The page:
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Carbondale, CO, United States

Robinson R.,Freelance Science Writer
PLoS Biology | Year: 2015

The protein P0 has long been known to play a crucial role in holding together the myelin sheath that insulates peripheral nerves. A new study reveals that P0 is also important for organizing the nodes of Ranvier that occupy the gaps in the insulation. Read the Research Article. © 2015 Richard Robinson. Source


Robinson R.,Freelance Science Writer
PLoS Biology | Year: 2015

HIV-1 is already known to have an extremely fast mutation rate, but a new study shows it to be more than two orders of magnitude higher than previously believed, and that this is largely due to host cytidine deaminases. Read the Research Article. © 2015 Richard Robinson. Source


Weaver J.,Freelance Science Writer
PLoS Biology | Year: 2015

A new study reveals that despite their limited visual acuity, 7-week-old babies have a surprisingly advanced visual cortex, including the ability to integrate visual and vestibular motion information. Read the accompanying Research Article. © 2015 Janelle Weaver. Source


Fanourgiakis J.,Freelance Science Writer | Kanoupakis E.,University of Crete
Expert Review of Pharmacoeconomics and Outcomes Research | Year: 2014

Greece from May 2010 has been following Troika's (European Commission, European Central Bank and International Monetary Fund) austere policies in all over the public finance sector. Troika's instructions which are adopted by the politicians resulted to depressed and weak citizens. The consequences in health care sector are becoming visible across the society. A big part of Greek's society is uninsured without any access to public health care system. The vulnerable social groups confront catastrophic health care expenditures and impoverishment with no social net protection. Greeks are paying the price of their irrational way of living. The current paper has gathered from the literature the early effects of the implementation of these policies on public health and healthcare. © Informa UK, Ltd. Source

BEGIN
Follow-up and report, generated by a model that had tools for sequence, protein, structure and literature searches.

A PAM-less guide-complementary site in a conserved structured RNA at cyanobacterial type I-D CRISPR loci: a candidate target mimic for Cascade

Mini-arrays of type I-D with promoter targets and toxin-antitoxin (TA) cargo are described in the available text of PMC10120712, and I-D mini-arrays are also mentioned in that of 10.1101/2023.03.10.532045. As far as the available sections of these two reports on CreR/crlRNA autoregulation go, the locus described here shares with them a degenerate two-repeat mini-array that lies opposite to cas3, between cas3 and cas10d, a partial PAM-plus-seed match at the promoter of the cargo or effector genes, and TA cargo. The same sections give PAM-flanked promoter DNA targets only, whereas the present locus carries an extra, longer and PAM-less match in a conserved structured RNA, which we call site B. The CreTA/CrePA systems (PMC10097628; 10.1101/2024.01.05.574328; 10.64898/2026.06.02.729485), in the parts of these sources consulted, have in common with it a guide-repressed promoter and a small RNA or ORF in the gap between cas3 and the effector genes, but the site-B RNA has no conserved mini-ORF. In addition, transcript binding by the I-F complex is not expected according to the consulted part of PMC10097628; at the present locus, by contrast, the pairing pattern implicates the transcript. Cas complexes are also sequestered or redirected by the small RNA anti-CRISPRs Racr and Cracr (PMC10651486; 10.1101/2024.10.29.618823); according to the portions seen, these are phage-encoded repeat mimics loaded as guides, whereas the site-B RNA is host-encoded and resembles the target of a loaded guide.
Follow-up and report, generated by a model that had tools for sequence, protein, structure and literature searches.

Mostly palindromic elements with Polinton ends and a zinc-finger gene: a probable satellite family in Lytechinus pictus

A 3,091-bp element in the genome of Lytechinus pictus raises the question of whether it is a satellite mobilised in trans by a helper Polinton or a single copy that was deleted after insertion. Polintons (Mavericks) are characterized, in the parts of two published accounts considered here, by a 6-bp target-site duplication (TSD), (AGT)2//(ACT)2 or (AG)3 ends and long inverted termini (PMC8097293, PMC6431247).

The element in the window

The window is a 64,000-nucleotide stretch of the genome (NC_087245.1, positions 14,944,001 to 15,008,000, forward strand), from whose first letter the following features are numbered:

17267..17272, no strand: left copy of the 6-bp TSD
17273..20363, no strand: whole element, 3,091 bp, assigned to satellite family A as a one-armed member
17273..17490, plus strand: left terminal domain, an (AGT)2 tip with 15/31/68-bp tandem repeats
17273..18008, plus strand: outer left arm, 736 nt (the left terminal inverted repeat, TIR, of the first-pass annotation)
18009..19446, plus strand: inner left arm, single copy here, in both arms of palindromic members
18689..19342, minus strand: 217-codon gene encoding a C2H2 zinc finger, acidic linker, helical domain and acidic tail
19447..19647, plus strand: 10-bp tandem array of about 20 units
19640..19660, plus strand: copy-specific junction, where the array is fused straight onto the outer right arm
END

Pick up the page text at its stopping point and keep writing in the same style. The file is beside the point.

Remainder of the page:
Tzfira T.,Ben - Gurion University of the Negev | Weinthal D.,Ben - Gurion University of the Negev | Marton I.,Danziger Innovations Ltd. | Marton I.,Hebrew University of Jerusalem | And 3 more authors.
Plant Biotechnology Journal | Year: 2012

Genome editing, i.e. the ability to mutagenize, insert, delete and replace sequences, in living cells is a powerful and highly desirable method that could potentially revolutionize plant basic research and applied biotechnology. Indeed, various research groups from academia and industry are in a race to devise methods and develop tools that will enable not only site-specific mutagenesis but also controlled foreign DNA integration and replacement of native and transgene sequences by foreign DNA, in living plant cells. In recent years, much of the progress seen in gene targeting in plant cells has been attributed to the development of zinc finger nucleases and other novel restriction enzymes for use as molecular DNA scissors. The induction of double-strand breaks at specific genomic locations by zinc finger nucleases and other novel restriction enzymes results in a wide variety of genetic changes, which range from gene addition to the replacement, deletion and site-specific mutagenesis of endogenous and heterologous genes in living plant cells. In this review, we discuss the principles and tools for restriction enzyme-mediated gene targeting in plant cells, as well as their current and prospective use for gene targeting in model and crop plants. © 2012 The Authors. Plant Biotechnology Journal © 2012 Society for Experimental Biology, Association of Applied Biologists and Blackwell Publishing Ltd. Source

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